Alcohol Testing

Discussion in 'Army Pay, Claims & JPA' started by barbs, Nov 2, 2005.

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  1. I have been led to believe that there has been a trial at the Defence School of Transport regarding alcohol testing. Anyone come across how this is working?

    In my opinion testing prior to safety essential duty is a valuable tool to ensure that people take personal responsibility for their drinking habits.

    Any views?
  2. I was told by a mate on acourse there that everyone get b-tested every day-sounds reasonable to me
  3. We routinely Breath test at my place with industry hand helds. Usual combat indicator is smell/behaviour the Breath tester usually comfirms it.

    They are also in our Gd Rm for periods such as Christmas, 1 to prevent drink driving and 2 to help people gauge wheterh they are over the limit and so not risk driving.
  4. Disco,

    Do you take any disciplinary action against someone who comes to work unfit to drive (therefore, i would expect unfit for work)? Or is the knowledge that a breath test might be carried out enough to keep people sensible mid week?

  5. Open yourself to a lot of hassle. Imagine you test someone who you think may have been drinking. The machine is eithe not calibrated properly or not used correctly and you give them the all clear to leave in their car. Two minutes down the road, Plod stops them and uses a correctly calibrated and corectly used machine and finds them over.

    You said they were okay to drive and they've been caught. You are open for them take you to court as you said it was okay for them to drive.

    Unless the people using the machines are correctly trained and the machines correctly calibrated you could be getting yourselves into trouble by trying to keep people out of trouble.
  6. Disciplinery action is taken and before you go on about calibration we are talking about AGAI action so we dont really need a blood sample and 100% certifiable proof! Again I said it is used if the initial warning signs are there, smell,behavior, morning after a major function etc. 99% of the lads when tested admit to drinking, they thought they could get away with it or would be ok. Oh and this is where driving is essential to the duty and is not a case of random testing within the Sqn.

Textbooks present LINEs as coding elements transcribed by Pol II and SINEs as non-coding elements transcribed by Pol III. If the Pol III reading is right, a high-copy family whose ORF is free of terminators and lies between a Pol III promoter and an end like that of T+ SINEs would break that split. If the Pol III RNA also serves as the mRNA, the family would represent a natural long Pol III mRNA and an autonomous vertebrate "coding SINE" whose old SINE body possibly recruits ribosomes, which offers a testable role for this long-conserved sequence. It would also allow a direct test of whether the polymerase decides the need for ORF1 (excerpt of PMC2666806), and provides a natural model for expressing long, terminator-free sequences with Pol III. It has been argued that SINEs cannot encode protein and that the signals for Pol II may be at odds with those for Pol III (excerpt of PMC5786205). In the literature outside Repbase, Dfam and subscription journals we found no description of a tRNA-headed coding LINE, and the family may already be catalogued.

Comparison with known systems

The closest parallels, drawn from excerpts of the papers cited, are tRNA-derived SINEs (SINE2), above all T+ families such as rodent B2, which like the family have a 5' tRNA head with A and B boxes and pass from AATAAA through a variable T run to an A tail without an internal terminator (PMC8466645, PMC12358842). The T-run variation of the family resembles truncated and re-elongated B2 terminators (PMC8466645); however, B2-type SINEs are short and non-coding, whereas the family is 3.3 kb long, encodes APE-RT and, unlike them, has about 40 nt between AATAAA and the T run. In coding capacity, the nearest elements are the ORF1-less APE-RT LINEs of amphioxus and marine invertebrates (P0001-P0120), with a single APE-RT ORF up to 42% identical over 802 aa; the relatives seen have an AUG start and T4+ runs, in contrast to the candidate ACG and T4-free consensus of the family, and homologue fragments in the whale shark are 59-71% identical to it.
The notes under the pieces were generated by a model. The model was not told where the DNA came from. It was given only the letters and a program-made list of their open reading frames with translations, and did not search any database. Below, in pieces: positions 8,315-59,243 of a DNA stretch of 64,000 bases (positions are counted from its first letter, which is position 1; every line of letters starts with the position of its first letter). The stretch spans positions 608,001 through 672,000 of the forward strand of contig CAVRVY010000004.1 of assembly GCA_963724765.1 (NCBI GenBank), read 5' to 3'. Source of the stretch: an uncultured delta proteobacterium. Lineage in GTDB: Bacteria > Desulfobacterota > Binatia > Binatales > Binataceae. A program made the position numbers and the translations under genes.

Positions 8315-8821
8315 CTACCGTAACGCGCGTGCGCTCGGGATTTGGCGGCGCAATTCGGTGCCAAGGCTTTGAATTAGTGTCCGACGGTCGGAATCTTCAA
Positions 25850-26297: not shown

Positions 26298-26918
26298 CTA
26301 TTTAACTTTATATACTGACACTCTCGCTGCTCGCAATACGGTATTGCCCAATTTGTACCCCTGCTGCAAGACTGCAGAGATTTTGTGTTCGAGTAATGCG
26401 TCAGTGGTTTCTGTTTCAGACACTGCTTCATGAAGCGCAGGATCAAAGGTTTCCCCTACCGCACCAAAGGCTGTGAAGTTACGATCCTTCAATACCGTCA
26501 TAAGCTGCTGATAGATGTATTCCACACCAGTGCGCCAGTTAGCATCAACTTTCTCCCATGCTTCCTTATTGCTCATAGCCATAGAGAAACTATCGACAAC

It used as a tool and with common sense!
  7. Disco,

    Thank you. I think it is essential that administrative sanctions are used, I don't think disciplinary action per se (-i.e., charging someone) will hold much water.

    Does anyone know if the RMP come and conduct alcohol testing after incidents other than just driving related offences?
  8. The legislation that covers the use of our instruments for breath testing are given in the Road traffic act. I cant see it holding up if they are used to test someone who is over the limit at work. The Breath box used on the roadside test for example may produce a 'Red Fail'. However, when the person is tested at the station they may well be under the legal limit. Who? and on what legal authourity could a manager decide using a breath box that you are over the limit, as it only gives a guide. I agree that if you turn up smelling of booze and appearing worse for wear, you take what punishment is deemed neccessary. But i don't think that a breath box will tell you anything you don't know already. And if the person(s) job involves driving, then order the said individual not to drive.
  9. last time i was at a place it had it it was just the trace of drink on you the meters tested needless to say mouthwash etc can set them off dont know if they have changed them
  10. Ref: Army Briefing Note 04-06 dated 3 Feb 06:

  11. Reference the PIDAT mentioned above. There is also a DIN covering this that was published in Dec. Can see it being used following range accidents etc.

    Just as an aside, a large number of civilian companies are introducing alcohol and drugs testing in to their establishments. The majority write this requirement in to the employees contract and HR follows a set policy if someone fails. This may not necessarily result in discipline matter, but possibly lead to referral to a rehab programmes for personnel who admit to a problem.